Moody and sultry with elaborate chandeliers and global drinks, Atlas is a Biship Arts District go-to for geography-themed beer and shot combos; world-wise cocktails, like the Jamaica with Plantation pineapple and Red Stripe or Singapore Sling; and edibles that range from German pretzels to pho and a croque-madame.  

A winning collab between Uchi and Austin’s storied Franklin Barbecue, airy, contemporary, Asian-inspired Loro is lauded for its house-smoked meats, plus curated wines, batched cocktails and boozy slushies (hello, frozen gin and tonic). Whatever you decide on, imbibe soak it up with the likes of snap pea, toasted coconut salad, green bean, Thai basil and peanuts salad, swathed in grilled pineapple vinaigrette.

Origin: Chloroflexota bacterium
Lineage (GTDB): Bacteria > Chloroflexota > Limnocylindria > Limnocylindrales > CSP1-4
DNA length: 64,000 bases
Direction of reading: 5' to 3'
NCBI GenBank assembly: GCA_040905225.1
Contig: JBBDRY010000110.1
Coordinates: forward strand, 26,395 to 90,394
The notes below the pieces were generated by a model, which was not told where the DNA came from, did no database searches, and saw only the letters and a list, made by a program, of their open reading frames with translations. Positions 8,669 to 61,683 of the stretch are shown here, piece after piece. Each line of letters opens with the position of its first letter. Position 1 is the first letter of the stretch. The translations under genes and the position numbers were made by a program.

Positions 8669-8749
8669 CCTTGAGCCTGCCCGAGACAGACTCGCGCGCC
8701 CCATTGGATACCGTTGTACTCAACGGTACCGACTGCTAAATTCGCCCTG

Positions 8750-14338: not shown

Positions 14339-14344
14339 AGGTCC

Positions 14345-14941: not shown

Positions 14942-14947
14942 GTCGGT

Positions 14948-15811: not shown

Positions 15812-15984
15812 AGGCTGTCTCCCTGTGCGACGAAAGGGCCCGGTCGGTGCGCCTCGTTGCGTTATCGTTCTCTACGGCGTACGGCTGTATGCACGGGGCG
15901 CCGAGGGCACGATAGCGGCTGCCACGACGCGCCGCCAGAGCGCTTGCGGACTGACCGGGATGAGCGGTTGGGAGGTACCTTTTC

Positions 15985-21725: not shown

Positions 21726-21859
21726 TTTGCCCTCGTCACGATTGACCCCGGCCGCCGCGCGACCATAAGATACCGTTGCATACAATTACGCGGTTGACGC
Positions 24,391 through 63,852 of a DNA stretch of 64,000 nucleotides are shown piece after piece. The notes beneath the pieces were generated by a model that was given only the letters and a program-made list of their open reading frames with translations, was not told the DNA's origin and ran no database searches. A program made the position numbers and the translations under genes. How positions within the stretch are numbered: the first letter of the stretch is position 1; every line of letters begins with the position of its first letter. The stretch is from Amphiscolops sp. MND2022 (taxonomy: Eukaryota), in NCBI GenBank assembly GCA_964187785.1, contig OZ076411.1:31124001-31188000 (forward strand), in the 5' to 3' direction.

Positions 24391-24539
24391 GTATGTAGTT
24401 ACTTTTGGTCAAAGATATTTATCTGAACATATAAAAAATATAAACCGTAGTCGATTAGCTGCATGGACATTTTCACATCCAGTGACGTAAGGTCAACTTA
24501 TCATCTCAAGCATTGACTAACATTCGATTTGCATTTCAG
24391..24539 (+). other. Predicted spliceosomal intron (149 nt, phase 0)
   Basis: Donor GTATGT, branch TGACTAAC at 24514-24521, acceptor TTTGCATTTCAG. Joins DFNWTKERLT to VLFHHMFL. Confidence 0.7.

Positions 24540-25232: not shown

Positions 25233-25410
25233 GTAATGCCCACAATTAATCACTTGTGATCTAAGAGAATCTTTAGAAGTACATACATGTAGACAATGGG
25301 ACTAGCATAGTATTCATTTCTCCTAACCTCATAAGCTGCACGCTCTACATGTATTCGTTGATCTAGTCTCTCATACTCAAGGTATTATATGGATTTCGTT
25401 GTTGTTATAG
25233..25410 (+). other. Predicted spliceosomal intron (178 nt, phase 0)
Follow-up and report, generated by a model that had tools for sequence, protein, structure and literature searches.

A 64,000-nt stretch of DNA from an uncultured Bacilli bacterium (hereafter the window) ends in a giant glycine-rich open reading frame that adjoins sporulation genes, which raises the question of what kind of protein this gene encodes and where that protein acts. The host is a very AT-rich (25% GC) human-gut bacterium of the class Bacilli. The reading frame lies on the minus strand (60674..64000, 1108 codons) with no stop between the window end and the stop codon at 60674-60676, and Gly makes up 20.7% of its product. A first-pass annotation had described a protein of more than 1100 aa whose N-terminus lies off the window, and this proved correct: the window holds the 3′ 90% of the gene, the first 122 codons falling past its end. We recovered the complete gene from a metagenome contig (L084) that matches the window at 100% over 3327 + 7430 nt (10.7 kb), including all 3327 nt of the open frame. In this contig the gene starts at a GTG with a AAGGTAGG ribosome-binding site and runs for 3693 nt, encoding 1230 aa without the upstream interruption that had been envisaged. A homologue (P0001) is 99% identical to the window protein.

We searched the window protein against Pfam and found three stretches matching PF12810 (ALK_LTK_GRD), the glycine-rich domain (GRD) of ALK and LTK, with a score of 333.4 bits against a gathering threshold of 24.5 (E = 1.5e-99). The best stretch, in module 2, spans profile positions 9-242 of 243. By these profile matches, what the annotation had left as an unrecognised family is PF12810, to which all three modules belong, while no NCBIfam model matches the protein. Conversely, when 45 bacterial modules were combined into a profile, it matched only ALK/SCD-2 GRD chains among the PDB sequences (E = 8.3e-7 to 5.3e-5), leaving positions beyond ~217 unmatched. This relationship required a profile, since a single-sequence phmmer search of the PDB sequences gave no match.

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Hidden Gems in Dallas

Hiding in plain sight, tucked off of main drags, nestled between office buildings and outside of hotels, wonder awaits. Look beyond the city’s most populated places and discover off-kilter, off-the-beaten-path and only-in-Dallas experiences you won’t soon forget. 

Dallas was the hometown of notorious criminals, Bonnie Parker and Clyde Barrow, who returned often to visit relatives. After a year-plus spent robbing banks and eluding capture by police across multiple states, the duo met their demise while driving a stolen car near Sailes, Louisiana. They were later buried here, Bonnie at Crown Hill Memorial Park and Clyde at Western Heights Cemetery.  

When you need peace and tranquility, head to Thanks-Giving Square, a hidden oasis in the Thanksgiving Commercial Center in downtown Dallas. With water flowing through it, it’s more than a park — it’s also a place for urbanites to reflect on and express gratitude. Be sure to stop by the magical Chapel of Thanksgiving, located at the back of the park. It features breathtaking stained-glass windows that set the tone for worship, meditation and mindfulness.